Was Doctor Poison a Great Mad Scientist?

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I loved the Wonder Woman movie. It was nearly perfect for the level of entertainment it provided me. I loved Chris Pine and the talented supporting cast, especially Lucy Davis as Etta. But ultimately, the movie had to sink or swim based on Gal Gadot, and she was amazing at every moment. The villains were great as well, for the most part.

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The one thing that didn’t impress me was the mad scientist, Doctor Poison. In spite of a nickname too on the nose, Isabel Maru had a classic mad scientist look with an implied tragic back story. She could have been great, but in the end, the writer’s failed her.


Spoiler Warning: I’m going to spoil some stuff.

Isabel was a Spanish chemist recruited by General Erich Ludendorff to create chemical weapons for the German army. At first she seemed a master of her own fate, creating the evil of her heart. We soon see her as a lapdog to the General, at the mercy to his will and whim. Even worse, we find out that she hadn’t even developed the poison of her own doing, instead having the menace spoon fed to her by Ares. To top it all off, she seems almost swayed by Chris Pine’s charming face and perfect accent, making her seem a foolish girl instead of the powerhouse she could have been.

She served the greater plot, which is the fate of most supporting villains, which is unfortunate in a movie celebrating woman power it all its marvelous glory. Still worse is her fate at the end, a pawn in Ares’ plan to tempt Diana. He gives Diana a chance to kill Isable for her crimes. Diana of course has pity on the good doctor, realizing that killing isn’t the answer, but love and sacrifice for others is what will heal the world and end the war.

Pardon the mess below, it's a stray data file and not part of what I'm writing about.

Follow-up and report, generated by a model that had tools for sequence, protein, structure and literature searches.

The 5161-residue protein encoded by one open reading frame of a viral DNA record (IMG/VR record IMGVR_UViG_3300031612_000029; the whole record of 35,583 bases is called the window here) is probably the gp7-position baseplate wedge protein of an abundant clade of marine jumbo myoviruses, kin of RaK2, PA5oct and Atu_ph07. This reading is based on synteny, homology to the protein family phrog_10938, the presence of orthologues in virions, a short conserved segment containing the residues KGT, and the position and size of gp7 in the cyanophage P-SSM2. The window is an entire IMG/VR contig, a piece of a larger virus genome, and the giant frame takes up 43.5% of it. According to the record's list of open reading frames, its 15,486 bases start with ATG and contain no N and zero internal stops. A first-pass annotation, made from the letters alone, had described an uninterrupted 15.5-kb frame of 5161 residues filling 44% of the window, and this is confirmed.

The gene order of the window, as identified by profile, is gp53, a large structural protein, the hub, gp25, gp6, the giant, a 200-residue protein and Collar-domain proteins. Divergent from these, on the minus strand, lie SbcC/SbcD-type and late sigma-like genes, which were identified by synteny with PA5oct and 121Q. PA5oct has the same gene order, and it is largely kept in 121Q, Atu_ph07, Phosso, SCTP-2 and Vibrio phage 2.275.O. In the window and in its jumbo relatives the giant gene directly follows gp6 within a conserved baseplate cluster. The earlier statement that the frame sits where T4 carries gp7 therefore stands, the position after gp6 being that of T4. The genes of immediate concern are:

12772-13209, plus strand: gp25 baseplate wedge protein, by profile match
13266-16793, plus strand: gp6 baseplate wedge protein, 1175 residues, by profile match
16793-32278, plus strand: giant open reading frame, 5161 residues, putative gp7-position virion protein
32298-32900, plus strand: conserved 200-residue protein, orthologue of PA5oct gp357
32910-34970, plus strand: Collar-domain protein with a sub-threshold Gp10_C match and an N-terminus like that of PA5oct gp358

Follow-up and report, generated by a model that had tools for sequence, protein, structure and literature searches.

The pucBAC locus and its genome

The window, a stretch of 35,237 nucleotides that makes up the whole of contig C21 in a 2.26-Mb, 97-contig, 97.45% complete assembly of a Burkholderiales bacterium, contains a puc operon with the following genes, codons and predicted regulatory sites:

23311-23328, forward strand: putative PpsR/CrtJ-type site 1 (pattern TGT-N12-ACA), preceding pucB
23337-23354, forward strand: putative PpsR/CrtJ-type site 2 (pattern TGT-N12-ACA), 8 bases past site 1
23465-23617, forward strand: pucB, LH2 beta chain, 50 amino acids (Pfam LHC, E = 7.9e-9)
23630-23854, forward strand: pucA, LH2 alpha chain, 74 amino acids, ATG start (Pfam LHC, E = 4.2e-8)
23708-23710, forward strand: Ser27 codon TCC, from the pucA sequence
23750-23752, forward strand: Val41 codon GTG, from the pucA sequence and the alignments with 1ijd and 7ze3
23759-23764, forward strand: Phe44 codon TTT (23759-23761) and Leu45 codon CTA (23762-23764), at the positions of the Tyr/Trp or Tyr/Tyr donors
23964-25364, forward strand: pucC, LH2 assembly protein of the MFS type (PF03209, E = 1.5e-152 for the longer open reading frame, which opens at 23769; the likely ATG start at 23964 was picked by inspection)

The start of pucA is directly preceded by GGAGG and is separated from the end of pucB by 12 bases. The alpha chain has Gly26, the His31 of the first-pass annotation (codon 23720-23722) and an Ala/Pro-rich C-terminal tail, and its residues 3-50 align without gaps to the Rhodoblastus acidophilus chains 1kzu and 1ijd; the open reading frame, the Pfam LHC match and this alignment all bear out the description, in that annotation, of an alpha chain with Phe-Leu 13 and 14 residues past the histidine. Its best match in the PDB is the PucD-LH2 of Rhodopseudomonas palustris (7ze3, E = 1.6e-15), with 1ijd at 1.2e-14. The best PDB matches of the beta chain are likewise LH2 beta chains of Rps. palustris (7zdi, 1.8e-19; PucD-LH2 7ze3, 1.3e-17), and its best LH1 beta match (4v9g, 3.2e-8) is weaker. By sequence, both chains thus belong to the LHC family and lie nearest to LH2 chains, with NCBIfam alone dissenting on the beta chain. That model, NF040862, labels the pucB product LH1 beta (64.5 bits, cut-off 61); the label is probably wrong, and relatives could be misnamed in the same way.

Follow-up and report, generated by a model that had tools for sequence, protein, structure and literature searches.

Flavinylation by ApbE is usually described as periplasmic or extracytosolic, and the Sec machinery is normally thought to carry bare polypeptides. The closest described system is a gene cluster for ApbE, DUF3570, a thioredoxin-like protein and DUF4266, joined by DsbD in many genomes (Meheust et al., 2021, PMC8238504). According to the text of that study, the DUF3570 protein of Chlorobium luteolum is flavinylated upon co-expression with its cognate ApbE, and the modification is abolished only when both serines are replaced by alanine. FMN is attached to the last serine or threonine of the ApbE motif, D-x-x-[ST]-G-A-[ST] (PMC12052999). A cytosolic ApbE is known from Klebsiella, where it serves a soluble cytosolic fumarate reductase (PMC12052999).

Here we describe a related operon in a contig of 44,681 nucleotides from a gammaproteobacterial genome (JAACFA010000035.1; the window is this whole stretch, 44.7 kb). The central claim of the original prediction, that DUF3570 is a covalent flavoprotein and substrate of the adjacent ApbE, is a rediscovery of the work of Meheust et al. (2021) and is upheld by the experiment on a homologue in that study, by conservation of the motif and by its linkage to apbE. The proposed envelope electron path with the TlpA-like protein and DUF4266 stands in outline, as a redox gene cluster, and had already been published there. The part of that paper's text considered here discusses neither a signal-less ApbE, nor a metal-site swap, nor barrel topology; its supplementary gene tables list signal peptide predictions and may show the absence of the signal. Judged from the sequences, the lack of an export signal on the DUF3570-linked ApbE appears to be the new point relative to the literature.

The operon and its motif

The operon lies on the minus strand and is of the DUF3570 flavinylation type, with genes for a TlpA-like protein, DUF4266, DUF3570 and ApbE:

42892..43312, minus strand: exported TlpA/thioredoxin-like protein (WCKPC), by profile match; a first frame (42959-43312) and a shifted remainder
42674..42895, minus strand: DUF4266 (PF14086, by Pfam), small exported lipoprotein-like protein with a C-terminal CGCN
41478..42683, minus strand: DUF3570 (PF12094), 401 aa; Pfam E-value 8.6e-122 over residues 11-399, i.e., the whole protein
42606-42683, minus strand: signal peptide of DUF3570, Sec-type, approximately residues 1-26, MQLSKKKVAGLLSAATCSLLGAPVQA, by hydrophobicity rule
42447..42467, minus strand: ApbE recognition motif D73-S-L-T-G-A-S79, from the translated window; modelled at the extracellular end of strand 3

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So, in the end, Isabel is a mere pawn in a game of immortals, which was highly disappointing to me. She had agency to act on Ares’ whispering, which made her an evil person. She did horrible things, murdering countless people. She should have had agency in her demise, for good or evil, instead of being a plot point in the conflict of the hero and villain.

A slight blemish in a fantastic film.


Jillian Holtzmann is my new favorite mad scientist!

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We’ve had Doc Brown and Egon Spangler as our prototypical good-guy mad scientist role models for so long. A great one doesn’t come around often, but Holtzmann is everything!

She’s brilliant, quirky, and endlessly hilarious. She creates the awesome, and drastically unsafe, tech with a certain flare and gusto. She fills the original role of Spengler so well, it is a honor to the late Harold Ramis.

In the face of ridicule, failure, and frightening specters, Holzman remains calm and chill until she’d ready to kick some ghost buttock. Her delight at their discoveries is refreshing and her inventions full of imagination and flash.

“We put a ghost in a box!”

Kate Mckinnen is fabulous in the role and brought the character to life. The interwebs keep speculating on Holzman’s sexual orientation, but I love that they chose to make it ambiguous and mysterious. She stays between no lines, and the most important accomplishment for her character was finding a family unit that accepted her for who she was no matter what.

“Safety lights are for dudes.”